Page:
Francisco Vázquez de Coronado y Luján was a Spanish conquistador and explorer who led a large expedition from Mexico to present-day Kansas through parts of the southwestern United States between 1540 and 1542. Vázquez de Coronado had hoped to reach the Cities of Cíbola, often referred to now as the mythical Seven Cities of Gold, which is a term not invented until American gold-rush days in the 1800s. His expedition marked the first European sightings of the Grand Canyon and the Colorado River, among other landmarks. His name is often Anglicized as "Vasquez de Coronado".

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Etzanoa

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References

  1. Tanner, Beccy (21 April 2018). "Mysterious 'Lost City' of Etzanoa in south-central Kansas now open to tours". The Wichita Eagle. Retrieved 8 December 2018.
  2. "QUIVIRA | The Handbook of Texas Online| Texas State Historical Association (TSHA)". Tshaonline.org. 2010-06-15. Retrieved 2014-04-03.
  3. Winship, George Parker (Ed. and Translator). The Journey of Coronado, 1540-1542, from the City of Mexico to the Grand Canon of the Colorado and the Buffalo Plains of Texas, Kansas, and Nebraska, As Told by Himself and his Followers; New York: A.S. Barnes & Co.; 1904, p.219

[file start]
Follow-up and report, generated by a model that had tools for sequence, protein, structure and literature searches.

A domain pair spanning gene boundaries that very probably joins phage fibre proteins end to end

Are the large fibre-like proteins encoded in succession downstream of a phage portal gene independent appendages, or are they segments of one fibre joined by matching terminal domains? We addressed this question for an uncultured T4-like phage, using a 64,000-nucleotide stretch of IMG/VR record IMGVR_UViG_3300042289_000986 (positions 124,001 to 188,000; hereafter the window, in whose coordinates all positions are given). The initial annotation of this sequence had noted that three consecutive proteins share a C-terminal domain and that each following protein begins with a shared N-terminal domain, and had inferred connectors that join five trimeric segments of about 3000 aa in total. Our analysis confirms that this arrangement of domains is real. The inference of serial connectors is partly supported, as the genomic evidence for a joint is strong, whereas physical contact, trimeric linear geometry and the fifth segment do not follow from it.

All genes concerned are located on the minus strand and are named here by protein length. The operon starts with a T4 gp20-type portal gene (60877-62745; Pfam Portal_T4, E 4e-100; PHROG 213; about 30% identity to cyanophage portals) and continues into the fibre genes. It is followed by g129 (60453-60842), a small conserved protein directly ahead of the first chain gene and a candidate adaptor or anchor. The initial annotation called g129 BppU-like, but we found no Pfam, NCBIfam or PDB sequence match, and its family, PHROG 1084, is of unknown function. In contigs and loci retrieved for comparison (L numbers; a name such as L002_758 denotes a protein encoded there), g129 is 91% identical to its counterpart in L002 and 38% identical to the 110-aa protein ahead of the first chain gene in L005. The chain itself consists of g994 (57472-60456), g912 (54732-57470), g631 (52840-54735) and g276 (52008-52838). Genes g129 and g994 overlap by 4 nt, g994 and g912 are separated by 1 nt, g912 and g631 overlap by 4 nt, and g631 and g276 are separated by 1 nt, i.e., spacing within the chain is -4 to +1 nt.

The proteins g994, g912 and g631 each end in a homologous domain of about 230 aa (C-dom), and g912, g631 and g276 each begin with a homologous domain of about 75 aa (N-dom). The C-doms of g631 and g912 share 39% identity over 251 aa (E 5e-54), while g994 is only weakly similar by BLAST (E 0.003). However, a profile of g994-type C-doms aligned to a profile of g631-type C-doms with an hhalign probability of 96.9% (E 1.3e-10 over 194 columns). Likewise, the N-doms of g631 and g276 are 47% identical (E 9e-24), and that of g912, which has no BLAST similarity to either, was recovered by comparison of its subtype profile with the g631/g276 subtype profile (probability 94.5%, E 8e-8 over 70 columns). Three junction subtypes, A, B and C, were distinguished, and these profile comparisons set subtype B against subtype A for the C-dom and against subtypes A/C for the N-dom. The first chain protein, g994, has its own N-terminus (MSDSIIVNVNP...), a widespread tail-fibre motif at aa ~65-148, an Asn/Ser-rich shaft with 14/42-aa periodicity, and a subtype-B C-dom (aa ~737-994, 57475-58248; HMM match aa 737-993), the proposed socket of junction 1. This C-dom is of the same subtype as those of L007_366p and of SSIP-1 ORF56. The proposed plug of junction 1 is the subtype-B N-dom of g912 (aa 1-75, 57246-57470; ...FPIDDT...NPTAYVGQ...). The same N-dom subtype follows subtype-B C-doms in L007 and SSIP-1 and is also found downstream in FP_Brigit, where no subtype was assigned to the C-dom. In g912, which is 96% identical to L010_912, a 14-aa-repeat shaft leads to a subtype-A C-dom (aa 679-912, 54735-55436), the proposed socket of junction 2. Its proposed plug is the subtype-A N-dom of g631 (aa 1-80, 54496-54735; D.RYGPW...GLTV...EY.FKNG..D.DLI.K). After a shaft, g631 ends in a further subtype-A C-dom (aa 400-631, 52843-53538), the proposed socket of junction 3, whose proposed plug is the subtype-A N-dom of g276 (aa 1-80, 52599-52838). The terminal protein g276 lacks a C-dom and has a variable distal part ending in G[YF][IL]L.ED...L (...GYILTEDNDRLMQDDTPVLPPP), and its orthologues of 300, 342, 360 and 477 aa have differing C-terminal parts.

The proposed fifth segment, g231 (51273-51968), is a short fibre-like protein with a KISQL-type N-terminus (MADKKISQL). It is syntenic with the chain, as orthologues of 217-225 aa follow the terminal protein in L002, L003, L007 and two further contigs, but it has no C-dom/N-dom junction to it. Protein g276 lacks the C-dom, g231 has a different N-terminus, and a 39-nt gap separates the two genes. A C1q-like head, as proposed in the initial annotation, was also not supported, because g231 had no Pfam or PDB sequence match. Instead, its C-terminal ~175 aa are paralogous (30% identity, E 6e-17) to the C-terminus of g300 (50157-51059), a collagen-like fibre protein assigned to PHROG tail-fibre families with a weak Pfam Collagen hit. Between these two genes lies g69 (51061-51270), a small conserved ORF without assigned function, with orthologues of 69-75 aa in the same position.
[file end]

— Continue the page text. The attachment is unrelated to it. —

4. Winship; pp. 113, 209, 215, 234-235, 237
  5. Winship, p. 235
  6. Hammond, George P. and Rey, Agapito; Don Juan de Onate, Colonizer of New Mexico, 1595-1628; Albuquerque: U of NM Press; 1953; pp. 416-419
  7. Hackett, Charles W. "New Light on Don Diego de Penalosa: Proof that he never made an expedition from Santa Fe to Quivira and the Mississippi River in 1662." Mississippi Valley Historical Review, Vol. 6, No 3, Dec 1919, 313-335
  8. Louis Houck, 1908, A History of Missouri from the Earliest Explorations... Vol. I., p. 121-148
  9. Wedel, Waldo R; Archeological Remains in Central Kansas and the Possible Bearing on the location of Quivira. Smithsonian Miscellaneous Collections; Vol. 101, No. 7; 1942; pp. 1-24
  10. Secoy, Frank R. The Identity of the 'Paduca: An Ethnohistorical Analysis. "American Anthropologist," New Series, Vol. 53, No. 4; [Part 1 (Oct-Dec 1951)]; pp. 525-542
  11. Reichart, Milton; Bourgmont's Route to Central Kansas: A Reexamination. Kansas History; Vol. 2, Summer; 1979; p. 102
  12. Vehik, Susan C. Wichita Culture History. "Plains Anthropologist;" Vol. 37, No. 141; 1992; pp. 311-332.
  13. Vehik, Susan C. Onate's Expedition to the Southern Plains: Routes, Destinations, and Implications for Late Prehistoric Cultural Adaptations; "Plains Anthropologist;"' Vol. 312, No. 11; 1986; pp. 13-33
  14. Portinaro, Pierluigi The Cartography of North America: 1500-1800 (1999)
  15. "Entry "Quivira" in the Kansas State Cyclopedia of 1912:". Skyways.lib.ks.us. 1902-08-12. Retrieved 2014-04-03.
  16. Quivira Council of the Boy Scouts: Archived September 10, 2009, at the Wayback Machine